Which is the best choice? A Galvanic Isolator or an Isolation Transformer?
Until relatively recently this was quite a simple question. With a simple set of answers.
It came down to this.
Very simple to install
Unit can fail without symptoms thus requiring regular checking. The failure could either endanger life by failing open circuit or remove the galvanic protection by failing short circuit. In fairness none of these failures are likely unless there is a large fault which blows the shorepower main circuit breaker. But the possibility does exist. The solution is to test the galvanic isolator after any problem with the AC system has been rectified, plus periodic checking.
The possibility of symptomless failure is almost zero. A failure will usually result in failure of the AC supply.
More complicated to install
And that was it. The choice was made on those points alone.
The goalposts have now been moved and the decision is no longer this straightforward.
In order to understand why, it is necessary to look at how each device breaks the connection between the shorepower earth and the hull of the boat.
Here is the internal schematic of a standard galvanic isolator.
It goes in-line with the earth lead between the shorepower plug on the quayside and the AC electrical system on the boat. Each diode in the isolator will drop around 0.6 volts before it starts to conduct. So 2 in series will require 1.2 volts before any conduction takes place. There are two diodes facing one way, and two facing the other way to enable AC fault currents to flow in both directions (thus tripping the circuit breaker or RCD).
This means that the galvanic currents (which are usually between 0.4 and 0.8 volts) which cause galvanic corrosion are blocked from flowing. They would have to exceed 1.2 volts in order for a current to flow. They never exceed this level due to the metals involved and the water. This is the protection method to prevent galvanic corrosion. This is how they work.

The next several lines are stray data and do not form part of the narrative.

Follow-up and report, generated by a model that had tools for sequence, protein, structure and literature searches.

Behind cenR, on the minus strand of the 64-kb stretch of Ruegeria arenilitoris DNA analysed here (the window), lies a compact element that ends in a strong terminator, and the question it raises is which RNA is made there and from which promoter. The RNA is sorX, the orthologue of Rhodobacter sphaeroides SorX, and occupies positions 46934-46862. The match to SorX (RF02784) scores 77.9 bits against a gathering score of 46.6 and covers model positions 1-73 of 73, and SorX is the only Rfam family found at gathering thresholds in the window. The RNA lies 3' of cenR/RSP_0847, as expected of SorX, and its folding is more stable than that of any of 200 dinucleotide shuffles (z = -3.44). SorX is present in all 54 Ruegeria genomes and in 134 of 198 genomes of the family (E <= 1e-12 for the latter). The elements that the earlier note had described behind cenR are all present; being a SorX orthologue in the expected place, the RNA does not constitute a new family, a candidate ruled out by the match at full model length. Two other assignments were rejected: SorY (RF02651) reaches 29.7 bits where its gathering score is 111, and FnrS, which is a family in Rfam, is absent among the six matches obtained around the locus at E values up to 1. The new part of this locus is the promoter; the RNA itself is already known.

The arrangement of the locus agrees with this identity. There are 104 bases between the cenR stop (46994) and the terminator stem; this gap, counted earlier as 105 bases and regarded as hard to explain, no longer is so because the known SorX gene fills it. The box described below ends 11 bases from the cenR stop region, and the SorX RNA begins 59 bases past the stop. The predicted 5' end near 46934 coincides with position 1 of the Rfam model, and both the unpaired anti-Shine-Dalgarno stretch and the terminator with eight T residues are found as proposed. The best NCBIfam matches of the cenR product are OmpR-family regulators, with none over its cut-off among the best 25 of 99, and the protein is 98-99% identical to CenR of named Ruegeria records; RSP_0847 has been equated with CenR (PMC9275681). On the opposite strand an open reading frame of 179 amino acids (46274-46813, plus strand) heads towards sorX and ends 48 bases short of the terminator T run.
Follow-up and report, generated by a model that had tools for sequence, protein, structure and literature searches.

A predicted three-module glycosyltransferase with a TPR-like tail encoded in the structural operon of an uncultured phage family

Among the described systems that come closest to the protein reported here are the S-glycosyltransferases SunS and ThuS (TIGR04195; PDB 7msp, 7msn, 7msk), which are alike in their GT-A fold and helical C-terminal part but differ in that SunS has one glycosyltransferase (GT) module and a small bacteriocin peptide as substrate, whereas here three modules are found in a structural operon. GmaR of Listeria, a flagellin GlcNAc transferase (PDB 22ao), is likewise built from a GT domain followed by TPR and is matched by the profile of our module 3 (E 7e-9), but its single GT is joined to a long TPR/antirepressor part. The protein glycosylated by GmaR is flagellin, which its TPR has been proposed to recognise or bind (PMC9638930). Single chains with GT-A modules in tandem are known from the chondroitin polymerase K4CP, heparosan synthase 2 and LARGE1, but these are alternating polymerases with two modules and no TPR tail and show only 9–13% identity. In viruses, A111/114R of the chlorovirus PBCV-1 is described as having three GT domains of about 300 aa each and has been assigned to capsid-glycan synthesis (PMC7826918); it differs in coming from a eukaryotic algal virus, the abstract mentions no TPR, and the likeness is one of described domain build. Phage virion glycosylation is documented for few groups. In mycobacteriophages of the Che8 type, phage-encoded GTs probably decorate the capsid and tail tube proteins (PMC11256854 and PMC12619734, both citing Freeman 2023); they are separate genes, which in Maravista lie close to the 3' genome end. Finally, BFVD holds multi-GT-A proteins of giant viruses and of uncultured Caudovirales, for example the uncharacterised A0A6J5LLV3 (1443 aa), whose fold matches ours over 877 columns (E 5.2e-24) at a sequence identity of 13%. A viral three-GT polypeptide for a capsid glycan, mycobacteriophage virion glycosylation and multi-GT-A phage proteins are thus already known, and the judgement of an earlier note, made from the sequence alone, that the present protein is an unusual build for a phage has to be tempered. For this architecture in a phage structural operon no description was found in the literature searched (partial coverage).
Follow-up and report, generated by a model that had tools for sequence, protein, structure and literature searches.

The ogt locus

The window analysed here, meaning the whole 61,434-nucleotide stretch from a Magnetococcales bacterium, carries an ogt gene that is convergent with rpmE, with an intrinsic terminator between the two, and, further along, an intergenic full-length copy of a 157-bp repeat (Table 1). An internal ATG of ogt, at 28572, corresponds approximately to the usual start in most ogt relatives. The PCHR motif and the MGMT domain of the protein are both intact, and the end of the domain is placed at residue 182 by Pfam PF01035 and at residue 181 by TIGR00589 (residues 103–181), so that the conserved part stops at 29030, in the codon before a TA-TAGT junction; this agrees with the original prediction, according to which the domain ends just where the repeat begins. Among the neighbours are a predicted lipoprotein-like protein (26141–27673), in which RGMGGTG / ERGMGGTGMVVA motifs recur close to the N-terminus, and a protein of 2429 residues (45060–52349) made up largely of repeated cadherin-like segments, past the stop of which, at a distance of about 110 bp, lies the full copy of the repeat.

Now let's look at an isolation transformer. This is the correct way of wiring up such a device. You may see diagrams of them wired up in a different way. They are wrong.
Note that there is simply no connection between the shorepower earth and the earth on the boat. This is what protects the vessel from galvanic corrosion.
Note also that the Neutral and Earth are bonded on the output side of the transformer. This recreates exactly the same sitution as we normally receive from the national grid and is what allows fuses and RCDs to operate in the correct manner.
Finally note that there is a "safety screen" between the primary winding and the secondary winding which is connected to shorepower earth. This is so that any fault current in the primary (for instance from insulation breakdown) is returned to shorepower earth to trip the circuit breaker or RCD rather than electrifying the boat hull.
In effect, the transformer recreates a totally isolated AC supply just like having your own mini AC power station. Totally isolated from anythng else.
So that explains how each device protects against galvanic currents which cause galvanic corrosion. Now we need to move on to explain what has changed that now makes isolation transformers a better choice.
Page last updated 02/04/2008.
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